Federal Minister for Resources and Energy Martin Ferguson has promised that states stand to benefit directly from the carbon policies.


The announcement by Mr Ferguson comes as both Queensland and New South Wales have voiced their concerns that their state owned coal-fired plants would diminish in value in the event of the introduction of a carbon tax. While Victoria has campaigned for funding to offset the increases in transport costs.


All three states have announced their intentions to raise the issues at the next Council of Australian Governments (COAG) meeting in August.


However, Mr Ferguson allayed fears that the Federal Government would leave the states without direct compensation funding, saying that he is confident that the funding for alternative energy production is sufficient.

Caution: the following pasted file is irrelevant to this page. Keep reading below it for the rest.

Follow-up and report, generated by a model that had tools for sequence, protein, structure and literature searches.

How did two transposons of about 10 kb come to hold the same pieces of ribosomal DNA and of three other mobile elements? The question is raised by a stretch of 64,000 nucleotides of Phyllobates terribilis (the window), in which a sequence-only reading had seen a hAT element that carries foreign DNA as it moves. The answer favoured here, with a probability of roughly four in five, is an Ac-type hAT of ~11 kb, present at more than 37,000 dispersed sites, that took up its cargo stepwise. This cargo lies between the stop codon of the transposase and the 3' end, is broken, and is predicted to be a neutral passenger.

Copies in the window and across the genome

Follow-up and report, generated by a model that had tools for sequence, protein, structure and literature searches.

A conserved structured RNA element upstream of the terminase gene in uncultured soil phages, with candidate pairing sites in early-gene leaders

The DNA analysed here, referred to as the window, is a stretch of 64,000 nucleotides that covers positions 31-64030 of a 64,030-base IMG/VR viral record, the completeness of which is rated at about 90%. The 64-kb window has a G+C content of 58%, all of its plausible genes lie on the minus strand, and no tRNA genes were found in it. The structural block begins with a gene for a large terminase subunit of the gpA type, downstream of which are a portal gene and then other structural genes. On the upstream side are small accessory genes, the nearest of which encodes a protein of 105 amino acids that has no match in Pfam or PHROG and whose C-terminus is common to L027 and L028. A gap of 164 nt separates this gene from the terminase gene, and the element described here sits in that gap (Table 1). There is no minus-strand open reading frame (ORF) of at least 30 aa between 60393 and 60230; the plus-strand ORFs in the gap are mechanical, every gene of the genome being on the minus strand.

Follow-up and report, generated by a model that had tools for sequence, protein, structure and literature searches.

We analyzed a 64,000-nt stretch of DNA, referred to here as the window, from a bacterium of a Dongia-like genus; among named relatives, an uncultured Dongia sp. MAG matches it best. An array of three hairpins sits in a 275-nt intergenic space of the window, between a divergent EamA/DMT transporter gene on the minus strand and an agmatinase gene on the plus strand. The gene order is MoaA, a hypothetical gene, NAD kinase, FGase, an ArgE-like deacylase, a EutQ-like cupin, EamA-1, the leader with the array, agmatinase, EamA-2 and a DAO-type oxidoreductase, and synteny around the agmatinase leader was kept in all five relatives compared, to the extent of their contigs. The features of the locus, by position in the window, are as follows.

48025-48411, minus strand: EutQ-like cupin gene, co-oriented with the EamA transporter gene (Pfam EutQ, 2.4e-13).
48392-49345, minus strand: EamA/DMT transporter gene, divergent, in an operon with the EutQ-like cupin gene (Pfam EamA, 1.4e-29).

So far, the Federal Government has announced that Queensland will receive $440 million and NSW $240 million for solar power plants. The announcement comes as the Education Investment Fund has announced a further $66.5 million in funding for the Moree Solar Farm in NSW.


Mr Ferguson said that as a carbon pricing structure becomes more and more integrated into the Australian economy, the value of sustainable energy assets will grow exponentially, offsetting any loses inflicted by the implementation of a carbon tax.